Parental Depression, Maternal Antidepressant Use During Pregnancy, and Risk of Autism Spectrum Disorders: Population Based Case-Control Study.

Parental depression, maternal antidepressant use during pregnancy, and risk of autism spectrum disorders: population based case-control study.

BMJ. 2013; 346: f2059
Rai D, Lee BK, Dalman C, Golding J, Lewis G, Magnusson C

To study the association between parental depression and maternal antidepressant use during pregnancy with autism spectrum disorders in offspring.Population based nested case-control study.Stockholm County, Sweden, 2001-07.4429 cases of autism spectrum disorder (1828 with and 2601 without intellectual disability) and 43?277 age and sex matched controls in the full sample (1679 cases of autism spectrum disorder and 16?845 controls with data on maternal antidepressant use nested within a cohort (n=589?114) of young people aged 0-17 years.A diagnosis of autism spectrum disorder, with or without intellectual disability. EXPOSURES: Parental depression and other characteristics prospectively recorded in administrative registers before the birth of the child. Maternal antidepressant use, recorded at the first antenatal interview, was available for children born from 1995 onwards.A history of maternal (adjusted odds ratio 1.49, 95% confidence interval 1.08 to 2.08) but not paternal depression was associated with an increased risk of autism spectrum disorders in offspring. In the subsample with available data on drugs, this association was confined to women reporting antidepressant use during pregnancy (3.34, 1.50 to 7.47, P=0.003), irrespective of whether selective serotonin reuptake inhibitors (SSRIs) or non-selective monoamine reuptake inhibitors were reported. All associations were higher in cases of autism without intellectual disability, there being no evidence of an increased risk of autism with intellectual disability. Assuming an unconfounded, causal association, antidepressant use during pregnancy explained 0.6% of the cases of autism spectrum disorder.In utero exposure to both SSRIs and non-selective monoamine reuptake inhibitors (tricyclic antidepressants) was associated with an increased risk of autism spectrum disorders, particularly without intellectual disability. Whether this association is causal or reflects the risk of autism with severe depression during pregnancy requires further research. However, assuming causality, antidepressant use during pregnancy is unlikely to have contributed significantly towards the dramatic increase in observed prevalence of autism spectrum disorders as it explained less than 1% of cases. HubMed – addiction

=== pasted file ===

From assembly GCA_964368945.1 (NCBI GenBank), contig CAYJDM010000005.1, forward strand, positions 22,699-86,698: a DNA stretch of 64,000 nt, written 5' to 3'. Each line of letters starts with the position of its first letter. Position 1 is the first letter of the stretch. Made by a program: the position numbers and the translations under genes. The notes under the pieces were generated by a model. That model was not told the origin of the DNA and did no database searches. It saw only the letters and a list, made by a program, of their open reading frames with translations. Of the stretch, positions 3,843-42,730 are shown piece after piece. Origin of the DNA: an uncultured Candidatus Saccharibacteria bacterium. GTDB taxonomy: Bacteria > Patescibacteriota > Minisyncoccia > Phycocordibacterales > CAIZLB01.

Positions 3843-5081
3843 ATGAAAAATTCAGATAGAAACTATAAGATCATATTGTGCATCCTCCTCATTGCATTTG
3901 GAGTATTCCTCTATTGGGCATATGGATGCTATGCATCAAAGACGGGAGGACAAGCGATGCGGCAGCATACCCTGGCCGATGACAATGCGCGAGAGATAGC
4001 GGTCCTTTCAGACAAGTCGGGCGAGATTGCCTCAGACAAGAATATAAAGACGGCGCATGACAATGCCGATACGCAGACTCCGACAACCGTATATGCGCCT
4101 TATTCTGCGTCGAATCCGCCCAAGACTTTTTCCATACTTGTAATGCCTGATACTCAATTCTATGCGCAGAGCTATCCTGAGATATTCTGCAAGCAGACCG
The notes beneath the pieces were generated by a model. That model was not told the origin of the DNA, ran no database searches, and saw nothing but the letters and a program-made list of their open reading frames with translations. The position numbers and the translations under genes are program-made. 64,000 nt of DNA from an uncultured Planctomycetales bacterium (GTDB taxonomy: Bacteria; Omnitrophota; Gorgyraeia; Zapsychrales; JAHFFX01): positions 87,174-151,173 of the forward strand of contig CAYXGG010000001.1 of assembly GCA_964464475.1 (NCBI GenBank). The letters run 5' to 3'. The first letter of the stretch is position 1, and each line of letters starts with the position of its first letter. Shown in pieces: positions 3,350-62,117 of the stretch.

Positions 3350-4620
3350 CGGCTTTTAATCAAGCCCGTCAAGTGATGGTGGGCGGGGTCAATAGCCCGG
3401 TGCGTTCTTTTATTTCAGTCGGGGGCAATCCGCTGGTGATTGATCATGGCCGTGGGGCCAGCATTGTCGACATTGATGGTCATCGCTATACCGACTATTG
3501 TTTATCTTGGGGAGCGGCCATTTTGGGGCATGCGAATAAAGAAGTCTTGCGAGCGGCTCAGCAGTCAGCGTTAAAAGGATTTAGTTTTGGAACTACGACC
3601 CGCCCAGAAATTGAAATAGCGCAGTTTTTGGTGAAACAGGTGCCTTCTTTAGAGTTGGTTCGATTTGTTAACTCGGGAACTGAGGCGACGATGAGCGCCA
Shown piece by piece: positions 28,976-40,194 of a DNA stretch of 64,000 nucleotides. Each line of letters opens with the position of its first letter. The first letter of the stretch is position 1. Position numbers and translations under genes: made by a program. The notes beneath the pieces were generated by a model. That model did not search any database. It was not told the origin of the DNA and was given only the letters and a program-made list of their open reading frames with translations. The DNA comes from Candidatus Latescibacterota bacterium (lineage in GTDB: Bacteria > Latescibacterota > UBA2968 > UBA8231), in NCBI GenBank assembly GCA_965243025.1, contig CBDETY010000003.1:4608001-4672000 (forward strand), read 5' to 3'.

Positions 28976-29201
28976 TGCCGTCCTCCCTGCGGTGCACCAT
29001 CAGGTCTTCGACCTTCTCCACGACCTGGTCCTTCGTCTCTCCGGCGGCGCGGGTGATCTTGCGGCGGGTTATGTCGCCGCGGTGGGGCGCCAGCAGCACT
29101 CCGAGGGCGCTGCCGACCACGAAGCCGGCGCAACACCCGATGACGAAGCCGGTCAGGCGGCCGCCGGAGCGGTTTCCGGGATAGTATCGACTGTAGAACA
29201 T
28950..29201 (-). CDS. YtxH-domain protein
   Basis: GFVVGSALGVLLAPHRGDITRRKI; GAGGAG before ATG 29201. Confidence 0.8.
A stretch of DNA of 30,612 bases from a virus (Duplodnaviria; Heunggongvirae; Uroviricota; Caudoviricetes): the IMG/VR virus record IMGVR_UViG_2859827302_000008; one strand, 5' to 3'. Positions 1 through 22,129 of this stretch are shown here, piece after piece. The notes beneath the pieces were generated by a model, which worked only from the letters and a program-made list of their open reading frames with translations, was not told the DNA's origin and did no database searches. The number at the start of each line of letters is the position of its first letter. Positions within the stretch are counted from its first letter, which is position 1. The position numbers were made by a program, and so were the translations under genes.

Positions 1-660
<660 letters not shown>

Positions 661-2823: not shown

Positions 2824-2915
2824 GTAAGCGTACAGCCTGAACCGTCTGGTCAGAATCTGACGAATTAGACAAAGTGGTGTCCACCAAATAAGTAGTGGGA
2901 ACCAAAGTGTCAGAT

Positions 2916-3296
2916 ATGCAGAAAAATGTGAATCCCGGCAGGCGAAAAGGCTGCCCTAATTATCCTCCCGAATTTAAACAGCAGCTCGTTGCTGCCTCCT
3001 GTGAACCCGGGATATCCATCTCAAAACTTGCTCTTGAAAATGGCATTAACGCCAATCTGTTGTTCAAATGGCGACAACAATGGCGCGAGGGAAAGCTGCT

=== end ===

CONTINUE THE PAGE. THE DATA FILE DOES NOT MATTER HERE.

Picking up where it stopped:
Socioeconomic Deprivation and Hospital Length of Stay: A New Approach Using Area-based Socioeconomic Indicators in Multilevel Models.

Med Care. 2013 Apr 17;
Coevoet V, Fresson J, Vieux R, Jay N